‘Inside’ Keeps Willem Dafoe In Mostly One-Man Show That Overstays Its Time

For the most part, I think many actors are obsessed with just doing normal things in movies anybody will do with no dialogue. For True Confessions, Robert DeNiro wanted a scene of him just doing stuff without any dialogue. In All is Lost, Robert Redford’s dialogue could’ve been written on a index card. During the island scenes in Cast Away, Tom Hanks hardly speaks. In The Revenant, people criticized Leonard DiCaprio’s performance because he didn’t talk much.

Not every movie has to have rapid fire snappy dialogue by David Mamet or Quentin Tarantino. Inside is a unique movie that probably looked good on paper and I’m sure the script was short with the director Vasilis Katsoupis and actor Willem Dafoe just going over the scenes before they filmed them with Dafoe ad-libbing a lot. Maybe some of the long passages were written by Ben Hopkins who gets a screenwriting credit.

But for a movie that is 105 minutes with credits, I’m sure the script wasn’t even 50 pages. Unfortunately, the movie would’ve benefitted from that same brevity. This is easily an 80 minute movie that’s been stretched too long and becomes repetitive. Dafoe plays Nemo, an art thief disguised as a handyman who breaks into a New York City highrise penthouse to steal art work by Egon Schiele. Yet, things go wrong as the security system seals him in when he attempts to leave. His partner (only heard through a radio) abandons him.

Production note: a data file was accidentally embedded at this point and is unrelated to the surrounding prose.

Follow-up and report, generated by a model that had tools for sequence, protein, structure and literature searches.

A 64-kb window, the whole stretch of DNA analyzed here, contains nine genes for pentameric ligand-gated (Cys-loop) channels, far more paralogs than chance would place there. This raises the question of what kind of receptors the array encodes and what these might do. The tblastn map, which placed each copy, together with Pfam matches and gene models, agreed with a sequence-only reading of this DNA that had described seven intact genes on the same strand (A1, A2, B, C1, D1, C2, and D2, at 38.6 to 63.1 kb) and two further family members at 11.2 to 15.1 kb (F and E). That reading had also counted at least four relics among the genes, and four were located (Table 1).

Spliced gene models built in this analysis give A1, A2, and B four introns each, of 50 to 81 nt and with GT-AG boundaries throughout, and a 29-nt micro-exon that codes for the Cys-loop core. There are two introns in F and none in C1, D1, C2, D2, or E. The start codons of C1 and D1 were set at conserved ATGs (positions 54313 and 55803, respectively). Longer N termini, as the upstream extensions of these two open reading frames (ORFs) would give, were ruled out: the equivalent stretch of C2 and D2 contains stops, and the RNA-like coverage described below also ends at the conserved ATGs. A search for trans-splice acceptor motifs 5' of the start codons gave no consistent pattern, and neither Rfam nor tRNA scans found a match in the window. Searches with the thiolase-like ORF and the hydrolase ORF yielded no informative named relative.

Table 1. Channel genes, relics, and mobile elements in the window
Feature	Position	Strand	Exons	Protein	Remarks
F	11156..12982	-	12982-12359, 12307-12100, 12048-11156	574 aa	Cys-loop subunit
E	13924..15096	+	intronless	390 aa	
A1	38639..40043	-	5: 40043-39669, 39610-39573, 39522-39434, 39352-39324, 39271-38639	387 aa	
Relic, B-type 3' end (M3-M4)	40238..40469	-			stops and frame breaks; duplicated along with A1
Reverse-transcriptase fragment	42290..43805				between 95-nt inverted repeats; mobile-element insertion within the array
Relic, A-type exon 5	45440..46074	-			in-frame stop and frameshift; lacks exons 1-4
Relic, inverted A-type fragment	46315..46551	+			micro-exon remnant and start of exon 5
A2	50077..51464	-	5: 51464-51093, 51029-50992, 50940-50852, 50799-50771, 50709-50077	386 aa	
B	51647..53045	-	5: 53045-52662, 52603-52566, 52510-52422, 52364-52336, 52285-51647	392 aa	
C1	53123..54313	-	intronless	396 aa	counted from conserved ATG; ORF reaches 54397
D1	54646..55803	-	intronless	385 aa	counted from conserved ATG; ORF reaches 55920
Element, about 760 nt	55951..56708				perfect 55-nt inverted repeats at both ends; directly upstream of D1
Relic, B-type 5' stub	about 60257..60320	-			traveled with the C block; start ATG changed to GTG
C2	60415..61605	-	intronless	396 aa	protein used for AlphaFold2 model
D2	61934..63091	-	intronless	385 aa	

Locked in the penthouse, he soon discovers that there’s little food and no running water. A digital thermostat malfunctions gradually increasing the temperatures to outrageously high heat. There’s an indoor pool to help cool off. Thankfully there’s an automated system to water the planets as Nemo uses this to collect water to drink but there’s no way he can cook much.

He passes the time watching the security cameras and becoming interested in a housekeeper he calls “Jasmine” (Eliza Stuyck) who he hallucinates is in the penthouse at one time. He also hallucinates that the owner (Gene Bervoets) is there. But he works on trying to get out through a skylight by using the furniture to build a ladder that is secure.

But for the most part, it’s just Dafoe doing his usual Dafoe work. And even though he is very good and talented actor, the movie drags on much longer than it really should. You ask yourself how long would a wealthy person leave a metropolitan penthouse empty with various artworks. There’s also a few scenes that question whether or not Nemo has totally lost his mind or not. A lot of the dialogue seems improvised, especially when he pretends he’s hosting his own cooking show or singing and dancing along with the refrigerator that plays “La Macarena” when the door is opened too long.

Since we don’t know much about Nemo’s life, we really don’t know the level we should sympathize with him or how we should feel he’s getting his just desserts. I also knew more than halfway through where this movie was headed. The claustrophobia of the penthouse never does get the same feel as the island in Cast Away or the ship and lift raft in All is Lost.

The movie was filmed during the the earlier half of 2021 when Covid was still a bigger problem. Maybe the filmmakers were trying to make a connection with those who were shelter-in-place. It does give Dafoe a good opportunity to take center stage but maybe it’s because he’s taken on these types of odd roles that it feels more like old hat than as they’re trying something new.

What do you think? Please comment.

Published by bobbyzane420

I'm an award winning journalist and photographer who covered dozens of homicides and even interviewed President Jimmy Carter on multiple occasions. A back injury in 2011 and other family medical emergencies sidelined my journalism career. But now, I'm doing my own thing, focusing on movies (one of my favorite topics), current events and politics (another favorite topic) and just anything I feel needs to be posted. Thank you for reading.

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